If you were to ask your IT staff about how tech support for remote employees is going, they might say something along the lines of, “Fantastic! Never better!” However, if you asked remote workers the same question, their response could be far less enthusiastic.
This was among the findings of a report by IT solutions provider 1E entitled “2021: Assessing IT’s readiness for the year of flexible working,” which surveyed 150 IT workers and 150 IT managers in large U.S. organizations. The report strikingly found that, while 100% of IT managers said they believed their internal clients were satisfied with tech support, only 44% of remote employees agreed.
By now, over a year into the COVID-19 pandemic, remote work has become common practice. Some businesses may begin reopening their offices and facilities as employees get vaccinated and, one hopes, virus metrics fall to manageable levels. However, that doesn’t mean everyone will be heading back to a communal working environment.
Flexible work arrangements, including the option to telecommute, continue to be valuable employment features. Virtual workspaces are also generally less expensive for employers. As such, many will likely continue offering or mandating it after the pandemic fades.
For business owners, this means that providing optimal IT support to remote employees will remain a mission-critical task. Failing to do so will likely hinder productivity, lower morale, and may lead to reduced staff retention and longer times to hire — all costly detriments to the bottom line.
So, how can you ensure that you are training and taking care of your remote employees? Here are some commonsense tips:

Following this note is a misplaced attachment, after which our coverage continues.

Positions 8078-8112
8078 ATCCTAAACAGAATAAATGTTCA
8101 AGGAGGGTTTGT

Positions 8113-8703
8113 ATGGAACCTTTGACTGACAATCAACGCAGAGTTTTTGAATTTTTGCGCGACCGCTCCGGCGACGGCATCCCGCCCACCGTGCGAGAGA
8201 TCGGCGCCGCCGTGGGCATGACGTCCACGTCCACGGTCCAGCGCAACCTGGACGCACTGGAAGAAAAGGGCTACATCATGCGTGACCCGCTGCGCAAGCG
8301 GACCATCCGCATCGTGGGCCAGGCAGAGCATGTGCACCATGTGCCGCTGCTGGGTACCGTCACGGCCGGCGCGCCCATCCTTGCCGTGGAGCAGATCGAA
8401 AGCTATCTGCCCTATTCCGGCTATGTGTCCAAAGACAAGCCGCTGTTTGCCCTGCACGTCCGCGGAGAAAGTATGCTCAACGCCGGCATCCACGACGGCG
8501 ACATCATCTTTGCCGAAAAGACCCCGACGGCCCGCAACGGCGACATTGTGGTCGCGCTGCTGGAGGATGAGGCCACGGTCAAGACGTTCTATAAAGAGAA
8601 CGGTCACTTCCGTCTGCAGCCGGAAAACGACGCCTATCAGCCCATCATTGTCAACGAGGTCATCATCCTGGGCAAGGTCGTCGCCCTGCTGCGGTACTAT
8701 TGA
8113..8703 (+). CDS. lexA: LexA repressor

In many cases, business owners are simply unaware of the troubles and frustrations of remote workers when it comes to technology. Develop a relatively short, concisely worded survey and gather their input.
If you have IT staffers who, for years, provided mostly in-person desktop support to on-site employees, they might not serve remote workers as effectively. Having them take one or more training courses may trigger some “ah ha!” moments that improve their interactions and response times.
Your IT support may be falling short due to lack of preparation to dealing with so many remote employees. This has been a very common problem during the pandemic. Assess whether:
Naturally, the remote workers themselves play a role in the stability and security of their devices and network connections. Require employees to undergo basic IT training and demonstrate understanding and compliance with your security and usage policies.
The pandemic has been not only a tragic crisis, but also a marked accelerator of the business trend toward remote work. We can help you evaluate your IT strategy, technology costs, measure productivity and determine whether upgrades are likely to be cost-effective.